Cherry Blossom Boot Polish
"Cherry Blossom" (Chiswick Polish Co. Ltd) "Chiswick Products"
Dukes Meadows Industrial History
Reckitt's Heritage
The Chiswick Polish Co Ltd / Chiswick Products     Factory on Dukes Meadows
In 1923 Directors of the Chiswick Polish Co Ltd ( Cherry Blossom )
acquired land on Dukes Meadows from the Chiswick Urban District Council to build their tinplate printing and cardboard box factory, for approximately £13,000.
The Chiswick Polish Co Ltd / Chiswick Products     Factory on Dukes Meadows
The factory had a giant thermometer and barometer erected on the face of the factory chimney. The dial of the barometer was 9ft in diameter, mounted 48 feet from the ground; the thermometer scale covered almost the entire height of the tower, the other 3 faces of the tower had clocks.
In 1925 Charles and Dan Mason presented to their employees, a ten acre sports ground in Dukes Meadows which included a pavilion with changing rooms and a tea room.
Larger photo of Dan Mason
Staveley Gardens Houses Built for the workforce
Chiswick Polish/ Chiswick Products Sports Pavilion
In 1930 first occupancy of 50 semi-detached houses in Staveley Gardens ( adjacent to the firm's printing works ) provided for the workforce.
Since 1878 Dan and Charles Mason had been running a soap company in Burlington Lane manufacturing soft soap, furniture polish and metal polish,.they foresaw a good trade for boot polish and engaged a chemist to devise a formula.

Cherry Blossom Boot Polish was launched in 1906 and was put on the market for 1d a tin. At first the the polish was put into tins of their own manufacture by hand, but by the end of 1907 the mixing and filling had been mechanised. This venture was such a success that in 1913 soap production was transferred to Yalding in Kent and the Chiswick Polish Co Ltd was formed with its factory in Burlington Lane with Dan Mason being the first chairman of the new company, and continuing in this position until the time of his death.
In 1930, the Chiswick Polish Company amalgamated with the Nugget Polish Company to become Chiswick Products Ltd,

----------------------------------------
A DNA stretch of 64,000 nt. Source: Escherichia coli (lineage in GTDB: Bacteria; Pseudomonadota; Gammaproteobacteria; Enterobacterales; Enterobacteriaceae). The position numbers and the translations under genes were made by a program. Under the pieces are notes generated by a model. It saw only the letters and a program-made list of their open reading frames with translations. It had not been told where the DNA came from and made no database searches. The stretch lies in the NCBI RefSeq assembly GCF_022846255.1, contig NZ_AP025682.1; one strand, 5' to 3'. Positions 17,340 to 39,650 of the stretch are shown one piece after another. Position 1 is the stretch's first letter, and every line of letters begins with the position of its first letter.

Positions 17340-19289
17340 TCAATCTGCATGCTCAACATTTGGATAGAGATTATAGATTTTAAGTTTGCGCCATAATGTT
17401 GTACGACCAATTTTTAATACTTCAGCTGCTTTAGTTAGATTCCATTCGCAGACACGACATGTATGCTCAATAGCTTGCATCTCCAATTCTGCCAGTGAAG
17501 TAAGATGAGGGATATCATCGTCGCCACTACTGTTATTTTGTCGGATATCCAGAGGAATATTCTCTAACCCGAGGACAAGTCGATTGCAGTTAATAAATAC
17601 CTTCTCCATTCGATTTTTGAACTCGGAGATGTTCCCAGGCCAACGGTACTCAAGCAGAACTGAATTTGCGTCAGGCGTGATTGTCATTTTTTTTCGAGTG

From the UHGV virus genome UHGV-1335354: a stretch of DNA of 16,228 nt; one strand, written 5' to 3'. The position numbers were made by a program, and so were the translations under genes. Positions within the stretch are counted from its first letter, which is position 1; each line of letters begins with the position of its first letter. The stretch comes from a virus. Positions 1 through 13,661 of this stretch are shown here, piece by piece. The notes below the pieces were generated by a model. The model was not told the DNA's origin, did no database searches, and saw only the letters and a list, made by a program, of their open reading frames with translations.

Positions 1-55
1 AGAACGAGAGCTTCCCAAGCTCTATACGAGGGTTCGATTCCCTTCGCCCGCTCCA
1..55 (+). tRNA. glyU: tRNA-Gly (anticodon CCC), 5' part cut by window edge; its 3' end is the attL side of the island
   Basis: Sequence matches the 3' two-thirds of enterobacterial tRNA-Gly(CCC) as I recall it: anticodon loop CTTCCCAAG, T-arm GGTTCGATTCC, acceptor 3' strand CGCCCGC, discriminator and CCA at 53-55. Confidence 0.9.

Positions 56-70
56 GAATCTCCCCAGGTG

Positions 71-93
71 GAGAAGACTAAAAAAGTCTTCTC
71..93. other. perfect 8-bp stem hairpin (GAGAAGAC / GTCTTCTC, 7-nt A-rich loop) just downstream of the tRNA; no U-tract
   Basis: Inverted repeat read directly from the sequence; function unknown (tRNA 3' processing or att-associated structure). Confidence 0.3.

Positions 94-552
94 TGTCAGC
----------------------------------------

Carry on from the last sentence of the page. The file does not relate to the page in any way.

producing both Cherry Blossom and Nugget shoe polishes and a number of other household polishes and cleaners at the
Burlington Lane Factory.
Dan Mason
Larger Photo of Boston House in Chiswick Square
Boston House Chiswick Square
Staveley Gardens 1930
Chiswick Polish/ Chiswick Products Sports Pavilion
He purchased the property known as Afton House in Bourne Place, thoroughly renovated it and refurnished it, letting it to the club ( The Chiswick Memorial Club ) at a peppercorn rent. Afterwards it was handed over to trustees to remain perpetually a club for exservice men.
However, Mr Mason's greatest work of all as far as Chiswick is concerned was, the establishment of the Hospital, which he later endowed. From it's small beginnings in Burlington Lane it has broadened out into the present Hospital in The Mall.
For this purpose Mr Mason purchased Rothbury House and behind it erected the Hospital which has been added to in the course of time. Truly a monumental piece of generosity that will live in the minds of generations of Chiswick people yet to be born.
Mr Mason's interest in the life of the younger members of the community was shown by the establishment of a much needed creche or day nursery in the crowded area of Bennett Street.
Mr Dan Mason first became interested in West London Hospital in 1914, when he became an anonymous donor introduced by Dr Shuter. He later generously undertook to be responsible for the building of the new nurses home. Since then, many  improvements have been carried out. Dr Shuter became the doctor attached to Chiswick Polish Co Ltd / Chiswick Products Ltd, and served in that capacity for nearly 50 years.

Many other people have benefited from the generosity of Mr Mason who also generously supported the Salvation Army, Church Army, St Dunstans and South Eastern Hospital for children at Lewisham.
Larger photo of Afton House
Larger photo of Bothbury House in Chiswick Mall
Larger photo of Chiswick Lodge Hospital
Afton House in
Bourne Place Chiswick
Chiswick Hospital
Chiswick Mall (now demolished)
Chiswick Lodge as it today Stretches back from the Mall to Netheravon Road South, and was Chiswick's Maternity Hospital, in the 60's. Now Elderly Care. (Now demolished )
Mr Dan Mason, together with his brother Charles, wholeheartedly associated himself with the welfare of the company employees. In 1918, the company was one of the first to introduce a five day working week of 44 hours. Other early innovations included a pension scheme, and a "dispensary" made up of a main surgery, rest rooms, a dental clinic and a chiropody clinic, all supervised by qualified personnel.
Dan and Charles Mason purchased Boston House and adjoining buildings in Chiswick Square.
Boston House was used as a social club for the female employees and the other buildings were
rented to company employees as homes. Extensive grounds to Boston House were laid out for all types of games, including a bowling green, eight grass tennis courts and four all-weather courts, plus a well equipped sports pavilion.
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